Tobey Maguire went on to star in Sam Raimi’s Spider-Man trilogy, produce films like Spike Lee’s 25th Hour, and infamously took up the hobby of high-stakes poker. Michael Caine earned his second Best Supporting Actor win with Cider House and continues to act, frequently collaborating with director, Christopher Nolan, most notably in the Dark Knight trilogy as Alfred Pennyworth. Continuing the superhero theme, Paul Rudd had four appearances in the Marvel Cinematic Universe as Scott “Ant-Man” Lang in addition to a slew of screwball comedies like The 40-Year-Old Virgin and Anchorman: The Legend of Ron Burgundy.  Charlize Theron has displayed her talent in movies ranging from an Oscar win for portraying serial killer, Aileen Wournos, in 2003’s Monster, to post-apocalyptic badassery in Mad Max: Fury Road and her humanitarian work as a United Nations Messenger of Peace since 2007.

Homer’s peers at the orphanage and orchard have gone on past mythical Maine as well. Kieran Culkin has carved out a name separate from his family’s after breaking out in Igby Goes Down and now on HBO’s Succession. Outside of an unintentional appearance in the video for Lana Del Rey’s “Video Games,” Paz de la Huerta has worked in film and television (most notably Boardwalk Empire) and, in 2017, spoke out for herself and other victims in the condemnation of disgraced Hollywood producer, Harvey Weinstein (who, it’s worth noting, produced this film). Erik Per Sullivan rose to prominence during seven seasons of Malcom in the Middle. Fans of Netflix’s A Series of Unfortunate Events may recognize K. Todd Freeman as Mr Poe. Evan Parke has been playing cops on TV and fighting everyone from King Kong to Captain America on the big screen.  The multi-talented and outspoken Erykah Badu continues to make music, films, and the occasional controversial comment, but we sadly lost Heavy D to a pulmonary embolism in 2011.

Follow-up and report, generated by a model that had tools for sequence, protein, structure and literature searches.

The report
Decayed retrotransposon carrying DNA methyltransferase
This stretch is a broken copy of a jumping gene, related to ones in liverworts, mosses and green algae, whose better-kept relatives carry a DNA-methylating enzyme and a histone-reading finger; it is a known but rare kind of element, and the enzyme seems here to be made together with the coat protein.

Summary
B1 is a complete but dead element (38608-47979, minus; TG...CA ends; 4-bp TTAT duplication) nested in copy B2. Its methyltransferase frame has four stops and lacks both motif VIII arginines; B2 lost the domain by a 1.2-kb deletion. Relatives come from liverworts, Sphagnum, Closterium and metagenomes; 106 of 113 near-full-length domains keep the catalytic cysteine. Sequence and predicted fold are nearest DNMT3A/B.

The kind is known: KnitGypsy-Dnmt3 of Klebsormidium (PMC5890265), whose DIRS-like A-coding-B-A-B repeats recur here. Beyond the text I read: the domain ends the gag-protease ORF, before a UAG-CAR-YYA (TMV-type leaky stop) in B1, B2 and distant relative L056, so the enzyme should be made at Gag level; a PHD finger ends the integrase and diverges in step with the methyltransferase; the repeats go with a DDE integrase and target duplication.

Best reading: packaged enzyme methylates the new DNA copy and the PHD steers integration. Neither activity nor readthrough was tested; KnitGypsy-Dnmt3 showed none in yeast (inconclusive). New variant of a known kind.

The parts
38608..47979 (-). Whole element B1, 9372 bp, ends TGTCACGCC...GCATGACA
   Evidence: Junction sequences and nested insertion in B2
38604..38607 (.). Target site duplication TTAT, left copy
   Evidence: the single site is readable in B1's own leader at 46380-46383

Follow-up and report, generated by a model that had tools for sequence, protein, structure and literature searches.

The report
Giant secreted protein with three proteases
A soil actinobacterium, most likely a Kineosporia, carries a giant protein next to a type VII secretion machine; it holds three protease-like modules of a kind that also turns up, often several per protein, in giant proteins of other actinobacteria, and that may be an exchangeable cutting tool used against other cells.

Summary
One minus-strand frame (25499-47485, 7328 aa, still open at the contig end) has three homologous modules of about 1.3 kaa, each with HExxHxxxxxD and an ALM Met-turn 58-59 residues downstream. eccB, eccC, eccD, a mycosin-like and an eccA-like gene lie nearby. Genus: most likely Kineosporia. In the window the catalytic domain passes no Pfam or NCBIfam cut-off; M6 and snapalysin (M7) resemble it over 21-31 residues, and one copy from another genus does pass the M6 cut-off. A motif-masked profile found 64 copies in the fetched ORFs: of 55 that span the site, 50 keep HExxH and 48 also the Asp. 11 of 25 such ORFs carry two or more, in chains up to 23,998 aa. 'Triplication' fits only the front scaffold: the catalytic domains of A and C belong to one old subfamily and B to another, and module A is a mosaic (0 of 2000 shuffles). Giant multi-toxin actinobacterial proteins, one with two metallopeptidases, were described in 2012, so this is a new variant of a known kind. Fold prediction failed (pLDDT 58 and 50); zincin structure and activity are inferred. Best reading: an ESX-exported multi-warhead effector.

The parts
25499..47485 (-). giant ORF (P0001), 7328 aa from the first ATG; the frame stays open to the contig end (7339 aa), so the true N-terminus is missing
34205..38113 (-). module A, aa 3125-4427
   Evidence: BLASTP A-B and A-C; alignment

In the years since its release, The Cider House Rules seems to get overshadowed by the later successes of the large and notable cast. It’s hard not to have an, “Oh, hey!” moment seeing Tobey Maguire’s Homer unloading lobster traps with JK Simmons. And, as a bildungsroman, it’s a film we’re supposed to leave behind to some degree. It’s what happened that got Homer from boy to man. We can feel for him and even identify with him, but, when the story is done, he’s an entirely new person and (hopefully for those of us in the same phase of life when we first saw it) so are we.  Like Homer, I was once young, (very) uncompromising, and content in my beliefs that a comfortable change of location meant more than the exercise of my potential. He learned. I learned. Neither of us is truly a Prince of Maine or King of New England but we know what business we’re in and being of some use. That’s a happy ending most of us dream about.

The Cider House Rules is available on VOD through iTunes, Amazon and various platforms.